Expiration Date of Dairy Products: Here’s the Detail That Makes the Difference

Open your fridge and look up the number of yogurts with an expiration date. Contrary to popular belief, dairy products are not thrown away as often. According to research by the professional association of fresh dairy producers, Syndifrais, we would throw more fruit and vegetables in the trash. Only 16% to 18% of consumers decide to forgo yogurt and other dairy products that have passed their expiration date at least once a month.

If it comes as a surprise, take a close look at the results of this study to understand that stating the best-before date is essential to reduce food waste. 82% of respondents say they notice this detail systematically or often when shopping. But only 37% check whether it is a best-before date or a minimum best-before date, which can be recognized by the indication “Best before”† Reminder: in the first case, this detail is only given for products that can pose a health risk if the date is exceeded.

As a result, 92% of French women and men say they consume dairy products within less than two weeks. In supermarkets, almost half (46%) look for items to consume within six to ten days. Note that 25% are willing to give themselves up to two weeks to avoid wastage. It is this variant of adjustment that has great potential for anticipating waste. Nevertheless, while 81% of French people say they are willing to buy short-dated dairy products, 44% admit they would only buy it if they can’t find another party with a later date.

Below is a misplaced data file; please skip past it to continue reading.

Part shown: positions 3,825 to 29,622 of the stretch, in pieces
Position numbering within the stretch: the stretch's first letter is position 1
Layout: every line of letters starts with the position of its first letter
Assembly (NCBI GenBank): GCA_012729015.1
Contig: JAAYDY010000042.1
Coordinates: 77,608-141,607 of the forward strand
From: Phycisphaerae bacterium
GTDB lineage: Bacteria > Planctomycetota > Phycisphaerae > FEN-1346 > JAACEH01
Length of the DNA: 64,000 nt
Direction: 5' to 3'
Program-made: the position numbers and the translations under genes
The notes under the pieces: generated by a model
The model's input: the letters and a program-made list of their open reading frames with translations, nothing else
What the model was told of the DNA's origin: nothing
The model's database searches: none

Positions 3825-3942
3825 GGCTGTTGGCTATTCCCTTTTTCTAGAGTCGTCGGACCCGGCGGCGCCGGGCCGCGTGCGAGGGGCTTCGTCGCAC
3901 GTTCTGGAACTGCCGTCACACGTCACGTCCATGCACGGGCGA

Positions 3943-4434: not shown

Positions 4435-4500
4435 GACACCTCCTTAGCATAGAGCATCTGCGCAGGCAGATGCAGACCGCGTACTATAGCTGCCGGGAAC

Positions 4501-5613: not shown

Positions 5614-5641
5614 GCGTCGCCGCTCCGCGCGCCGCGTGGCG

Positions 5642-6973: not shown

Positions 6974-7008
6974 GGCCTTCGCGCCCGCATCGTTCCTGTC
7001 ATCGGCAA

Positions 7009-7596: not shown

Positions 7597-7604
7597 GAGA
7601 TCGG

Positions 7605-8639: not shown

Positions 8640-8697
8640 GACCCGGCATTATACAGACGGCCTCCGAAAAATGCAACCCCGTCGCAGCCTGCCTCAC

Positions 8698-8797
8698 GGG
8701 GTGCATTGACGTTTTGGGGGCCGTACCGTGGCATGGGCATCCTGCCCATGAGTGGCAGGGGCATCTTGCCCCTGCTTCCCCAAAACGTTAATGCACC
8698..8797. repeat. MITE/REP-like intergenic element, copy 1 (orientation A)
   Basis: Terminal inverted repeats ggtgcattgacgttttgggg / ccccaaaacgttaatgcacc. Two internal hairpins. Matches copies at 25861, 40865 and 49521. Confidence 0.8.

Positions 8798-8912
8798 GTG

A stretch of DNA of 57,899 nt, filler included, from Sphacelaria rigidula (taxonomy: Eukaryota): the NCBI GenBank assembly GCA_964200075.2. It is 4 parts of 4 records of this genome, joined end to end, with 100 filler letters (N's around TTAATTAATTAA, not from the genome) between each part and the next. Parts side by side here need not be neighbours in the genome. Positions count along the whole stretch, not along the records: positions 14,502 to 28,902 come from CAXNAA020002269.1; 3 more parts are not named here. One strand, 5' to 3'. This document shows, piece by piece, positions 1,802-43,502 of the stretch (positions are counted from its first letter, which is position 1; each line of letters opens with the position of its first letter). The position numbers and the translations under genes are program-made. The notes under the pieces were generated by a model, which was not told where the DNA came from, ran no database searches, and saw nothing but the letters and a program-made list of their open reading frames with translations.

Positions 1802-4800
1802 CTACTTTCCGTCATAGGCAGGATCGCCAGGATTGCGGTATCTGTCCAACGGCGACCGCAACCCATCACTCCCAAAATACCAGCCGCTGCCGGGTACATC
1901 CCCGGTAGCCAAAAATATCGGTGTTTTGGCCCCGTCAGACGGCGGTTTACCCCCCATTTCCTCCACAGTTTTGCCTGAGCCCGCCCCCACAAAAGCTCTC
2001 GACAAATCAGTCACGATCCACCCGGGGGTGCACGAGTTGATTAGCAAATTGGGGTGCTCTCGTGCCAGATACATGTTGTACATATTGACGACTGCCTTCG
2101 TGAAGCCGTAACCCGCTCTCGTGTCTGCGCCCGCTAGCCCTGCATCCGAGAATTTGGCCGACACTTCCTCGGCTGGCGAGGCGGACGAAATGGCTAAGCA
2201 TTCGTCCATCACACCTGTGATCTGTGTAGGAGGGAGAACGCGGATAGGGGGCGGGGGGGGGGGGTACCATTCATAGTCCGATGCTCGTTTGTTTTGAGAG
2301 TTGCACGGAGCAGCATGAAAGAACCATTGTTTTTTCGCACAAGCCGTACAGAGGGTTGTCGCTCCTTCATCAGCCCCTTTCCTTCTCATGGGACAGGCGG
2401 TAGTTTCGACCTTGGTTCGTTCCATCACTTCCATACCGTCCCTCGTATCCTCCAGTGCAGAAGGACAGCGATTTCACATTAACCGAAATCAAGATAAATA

Earlier this year, British supermarket chain Morrisons found a solution to food waste by asking its customers to… trust their sense of smell! The distributor had therefore decided to remove the best-before dates on its own brand milk bottles. Last year the designation disappeared from yogurt and hard cheeses.

This study was conducted on a sample of 1,007 people, representative of the French population aged 18 and over, interviewed on March 1 and 2, 2022.

(ETX Daily Up)

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